On Thursday, officials from several PSI countries, including Argentina, Canada, Chile, France, Italy, New Zealand, South Korea, Spain, Turkey and the U.S. will discuss collaborating on ship interdictions.

You May Like

Video On The Scene: In Ethiopia, 'Are You a Journalist?' Is a Loaded Question

VOA's Anita Powell describes the difficulties faced by reporters in fully conveying the story in a country where people are reticent to share their true opinions More

Nigerians Await New President With High Hopes

When pomp and circumstance of inauguration end in Abuja, Buhari will sit down to the hard task of governing Nigeria More

India's Restrictions on Several NGOs Raise Concerns

Political analysts link recent clampdown on advocacy groups to report last year that said foreign-funded NGO’s negatively impact economic development More

This forum has been closed.
Comments
     
There are no comments in this forum. Be first and add one

Featured Videos

Your JavaScript is turned off or you have an old version of Adobe's Flash Player. Get the latest Flash player.
Expelled from Pakistan, Afghan Refugees Return to Increased Hardshipi
X
Ayesha Tanzeem
May 28, 2015 6:48 PM
Undocumented refugees returning to Afghanistan from Pakistan have no jobs, no support system, and no home return to, and international aid agencies say they and the government are overwhelmed and under-resourced. Ayesha Tanzeem has more from Kabul.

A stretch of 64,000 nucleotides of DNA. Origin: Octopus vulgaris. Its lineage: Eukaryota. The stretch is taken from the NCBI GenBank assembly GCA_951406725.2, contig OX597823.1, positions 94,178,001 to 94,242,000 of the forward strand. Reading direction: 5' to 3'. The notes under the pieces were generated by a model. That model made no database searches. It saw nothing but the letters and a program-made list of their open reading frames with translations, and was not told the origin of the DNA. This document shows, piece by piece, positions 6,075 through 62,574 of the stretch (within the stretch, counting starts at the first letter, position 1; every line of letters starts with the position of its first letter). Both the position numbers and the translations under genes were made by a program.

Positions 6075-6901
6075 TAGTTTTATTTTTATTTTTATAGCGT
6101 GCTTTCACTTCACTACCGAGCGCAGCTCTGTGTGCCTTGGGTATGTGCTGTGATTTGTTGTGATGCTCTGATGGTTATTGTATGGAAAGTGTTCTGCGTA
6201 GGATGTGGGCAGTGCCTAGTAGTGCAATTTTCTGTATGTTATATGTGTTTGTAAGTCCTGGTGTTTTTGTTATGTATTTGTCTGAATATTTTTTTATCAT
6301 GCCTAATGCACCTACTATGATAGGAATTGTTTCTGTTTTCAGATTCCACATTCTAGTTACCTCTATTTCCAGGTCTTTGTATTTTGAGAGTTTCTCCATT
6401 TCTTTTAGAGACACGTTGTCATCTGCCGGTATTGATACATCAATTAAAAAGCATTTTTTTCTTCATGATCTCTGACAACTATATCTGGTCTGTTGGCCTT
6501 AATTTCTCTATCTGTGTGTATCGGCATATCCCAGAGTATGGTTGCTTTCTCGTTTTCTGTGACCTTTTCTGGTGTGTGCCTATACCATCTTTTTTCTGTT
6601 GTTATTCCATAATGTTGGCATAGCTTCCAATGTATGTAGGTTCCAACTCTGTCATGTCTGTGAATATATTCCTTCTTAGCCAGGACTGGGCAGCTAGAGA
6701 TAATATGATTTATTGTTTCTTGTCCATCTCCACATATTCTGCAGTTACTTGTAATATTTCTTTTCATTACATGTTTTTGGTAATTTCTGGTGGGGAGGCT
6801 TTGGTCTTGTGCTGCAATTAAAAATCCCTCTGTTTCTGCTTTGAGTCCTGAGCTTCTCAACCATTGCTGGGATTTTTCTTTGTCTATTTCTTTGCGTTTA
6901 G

Video

Video Expelled from Pakistan, Afghan Refugees Return to Increased Hardship

Undocumented refugees returning to Afghanistan from Pakistan have no jobs, no support system, and no home return to, and international aid agencies say they and the government are overwhelmed and under-resourced. Ayesha Tanzeem has more from Kabul.
Video

Video Britain Makes Controversial Move to Crack Down on Extremism

Britain is moving to tighten controls on extremist rhetoric, even when it does not incite violence or hatred -- a move that some are concerned might unduly restrict basic freedoms. It is an issue many countries are grappling with as extremist groups gain power in the Middle East, fueled in part by donations and fighters from the West. VOA’s Al Pessin reports from London.
Video

Video Floodwaters Recede in Houston, but Rain Continues

Many parts of Texas are recovering from one of the worst natural disasters to hit the southwestern state. Heavy rains on Monday and early Tuesday caused rivers to swell in eastern and central Texas, washing away homes and killing at least 13 people. As VOA’s Greg Flakus reports from Houston, floodwaters are receding slowly in the country's fourth-largest city, and there likely is to be more rain in the coming days.
Video

Video 3D Printer Makes Replica of Iconic Sports Car

Cars with parts made by 3D printers are already on the road, but engineers are still learning about this new technology. While testing the possibility of printing an entire car, researchers at the U.S. Department of Energy recently created an electric-powered replica of an iconic sports roadster. VOA’s George Putic has more.